Rafraichir la liste des Recentes Discussions sur ABIDJANTALK FORUM
Reine Pelagie toujours egale …    by webmaster 13 Jun 2019, 13:48
Deces du Professeur Marcel Et…    by sam kehi,le… 13 Jun 2019, 12:11
Arrestations inutiles    by sam kehi,le… 12 Jun 2019, 11:50
Debat: Musulman, Chretien, In…    by sam kehi,le… 10 Jun 2019, 13:07
Le Rwanda de Kagame    by sam kehi,le… 9 Jun 2019, 18:14
Immobilier a' Abidjan: le des…    by sam kehi,le… 9 Jun 2019, 17:27
Interview: Ble Goude    by sam kehi,le… 9 Jun 2019, 14:17
Hommage au Colonel Babri Goho…    by sam kehi,le… 7 Jun 2019, 18:31
Assainissement    by Eve 6 Jun 2019, 12:23
Il ne sert à rien d’inventer …    by Atipadipa 2 Jun 2019, 19:00
Les ponts et les residences U    by Beauté Nubi… 2 Jun 2019, 9:34
La puissance de Bolloré    by Eve 1 Jun 2019, 16:37
... autres recents topics

The ICC, Bensouda and McDonald in Collussion withe the genocide architect Allassane Dramane ouattara

L'arbre à palabre où tous les problemes se reglent
Son Excellence
Son Excellence
Messages : 2304
Inscription : déc. 16, 10 7:29 pm

The ICC, Bensouda and McDonald in Collussion withe the genocide architect Allassane Dramane ouattara

Message par Dko » janv. 18, 19 2:44 pm

The ICC would be better served going after who 25 MILLION Ivorians and 1.25 BILLION AFRICANS know to be the architects of the genocide in the Ivory Coast.

But instead it (The ICC, McDonald and Bensouda) chooses to dig itself deeper in corruption and consequently irrelevancy to the coming future of Africa.
Seven (7) years into a trial that has shown corrupt prosecutors who have paid witnesses, tampered evidence and a the The ICC's chief prosecutor whose husband has shown corruption and conflict of interest by doing business in the Ivory Coast and with the main criminal and chief architect Allassane dramane ouattara.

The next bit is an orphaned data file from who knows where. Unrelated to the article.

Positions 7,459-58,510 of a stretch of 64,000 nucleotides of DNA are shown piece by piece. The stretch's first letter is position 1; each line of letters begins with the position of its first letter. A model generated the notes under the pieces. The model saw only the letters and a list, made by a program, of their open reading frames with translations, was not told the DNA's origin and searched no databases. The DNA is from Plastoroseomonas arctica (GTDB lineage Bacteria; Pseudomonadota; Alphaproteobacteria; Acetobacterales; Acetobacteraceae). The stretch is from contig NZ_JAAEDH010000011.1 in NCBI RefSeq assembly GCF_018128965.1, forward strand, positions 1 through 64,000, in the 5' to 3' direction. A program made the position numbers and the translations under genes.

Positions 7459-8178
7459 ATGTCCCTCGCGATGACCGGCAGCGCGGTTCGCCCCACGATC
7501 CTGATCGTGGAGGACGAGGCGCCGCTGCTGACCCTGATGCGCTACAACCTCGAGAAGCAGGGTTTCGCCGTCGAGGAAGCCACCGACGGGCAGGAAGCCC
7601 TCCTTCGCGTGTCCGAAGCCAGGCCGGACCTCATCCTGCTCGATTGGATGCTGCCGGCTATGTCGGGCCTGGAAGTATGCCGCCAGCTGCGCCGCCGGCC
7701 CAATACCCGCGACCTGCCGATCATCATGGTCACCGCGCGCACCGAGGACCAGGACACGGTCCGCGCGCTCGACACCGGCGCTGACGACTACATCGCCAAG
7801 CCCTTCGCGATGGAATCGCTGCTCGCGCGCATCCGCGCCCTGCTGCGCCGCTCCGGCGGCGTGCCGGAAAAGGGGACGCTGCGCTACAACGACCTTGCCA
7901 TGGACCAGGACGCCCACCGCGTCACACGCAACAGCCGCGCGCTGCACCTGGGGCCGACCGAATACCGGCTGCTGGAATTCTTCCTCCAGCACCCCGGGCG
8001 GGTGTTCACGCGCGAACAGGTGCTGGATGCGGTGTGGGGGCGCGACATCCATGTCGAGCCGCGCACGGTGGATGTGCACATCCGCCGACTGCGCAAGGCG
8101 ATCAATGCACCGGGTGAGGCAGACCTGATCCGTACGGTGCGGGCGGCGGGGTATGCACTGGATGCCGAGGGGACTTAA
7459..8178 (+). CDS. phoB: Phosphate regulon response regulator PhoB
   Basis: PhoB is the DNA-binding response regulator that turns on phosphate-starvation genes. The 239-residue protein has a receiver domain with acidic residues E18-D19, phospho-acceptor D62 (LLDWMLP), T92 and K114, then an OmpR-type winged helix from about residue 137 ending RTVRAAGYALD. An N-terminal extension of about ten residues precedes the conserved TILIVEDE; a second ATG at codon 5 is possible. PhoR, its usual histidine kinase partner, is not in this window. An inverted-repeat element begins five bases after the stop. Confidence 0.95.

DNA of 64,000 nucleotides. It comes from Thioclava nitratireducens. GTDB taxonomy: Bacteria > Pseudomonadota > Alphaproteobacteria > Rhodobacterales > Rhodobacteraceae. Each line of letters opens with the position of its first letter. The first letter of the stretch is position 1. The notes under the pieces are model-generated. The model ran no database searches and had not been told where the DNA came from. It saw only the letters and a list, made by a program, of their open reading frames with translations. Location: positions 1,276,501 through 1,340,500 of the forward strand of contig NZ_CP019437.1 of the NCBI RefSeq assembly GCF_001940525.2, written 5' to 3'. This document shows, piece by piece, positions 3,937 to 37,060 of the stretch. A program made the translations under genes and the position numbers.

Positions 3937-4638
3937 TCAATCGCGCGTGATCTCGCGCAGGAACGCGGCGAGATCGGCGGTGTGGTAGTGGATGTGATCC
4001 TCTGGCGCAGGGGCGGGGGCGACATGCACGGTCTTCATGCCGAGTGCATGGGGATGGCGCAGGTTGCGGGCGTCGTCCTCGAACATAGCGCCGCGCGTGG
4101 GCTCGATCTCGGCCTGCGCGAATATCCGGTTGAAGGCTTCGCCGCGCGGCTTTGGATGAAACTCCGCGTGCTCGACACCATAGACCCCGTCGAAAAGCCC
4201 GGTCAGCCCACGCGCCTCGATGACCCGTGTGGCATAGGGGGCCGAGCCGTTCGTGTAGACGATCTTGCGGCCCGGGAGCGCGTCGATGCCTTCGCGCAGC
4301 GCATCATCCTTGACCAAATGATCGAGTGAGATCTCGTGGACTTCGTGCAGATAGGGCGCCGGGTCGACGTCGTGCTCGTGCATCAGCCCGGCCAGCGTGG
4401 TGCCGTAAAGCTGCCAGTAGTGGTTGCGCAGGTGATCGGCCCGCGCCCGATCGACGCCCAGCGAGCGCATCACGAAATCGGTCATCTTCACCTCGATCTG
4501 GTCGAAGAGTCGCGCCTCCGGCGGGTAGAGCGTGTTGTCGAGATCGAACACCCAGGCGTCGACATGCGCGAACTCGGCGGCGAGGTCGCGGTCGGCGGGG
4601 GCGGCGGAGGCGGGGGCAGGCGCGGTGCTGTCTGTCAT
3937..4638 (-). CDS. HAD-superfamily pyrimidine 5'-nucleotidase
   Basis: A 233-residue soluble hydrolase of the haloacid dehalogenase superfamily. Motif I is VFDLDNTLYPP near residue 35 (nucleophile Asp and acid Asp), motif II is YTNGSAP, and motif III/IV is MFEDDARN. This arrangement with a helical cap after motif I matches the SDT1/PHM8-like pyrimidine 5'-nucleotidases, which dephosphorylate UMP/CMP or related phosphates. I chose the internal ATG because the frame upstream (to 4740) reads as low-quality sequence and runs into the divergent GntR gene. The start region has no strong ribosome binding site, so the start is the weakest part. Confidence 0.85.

The ICC chooses to keep burying itself in corruption and 7 years later has yet to even publish 1 warrant (Mandat D'arret) against ouattara or his com'zones who are on video committing crimes against humanity.

The ICC chooses to be irrelevant and corrupt. We will help in bringing its dirt to light.

Challenge Accepted!

Avatar de l’utilisateur
Beauté Nubienne
Son Excellence
Son Excellence
Messages : 9806
Inscription : juil. 02, 09 8:20 am

Re: The ICC, Bensouda and McDonald in Collussion withe the genocide architect Allassane Dramane ouattara

Message par Beauté Nubienne » janv. 20, 19 9:09 am

https://www.facebook.com/10601674440074 ... 460841631/

afrik-inform.com est à : Kigali.
17 juillet 2016 ·
Monsieur Philippe BENSOUDA, et Madame Fatou BENSOUDA.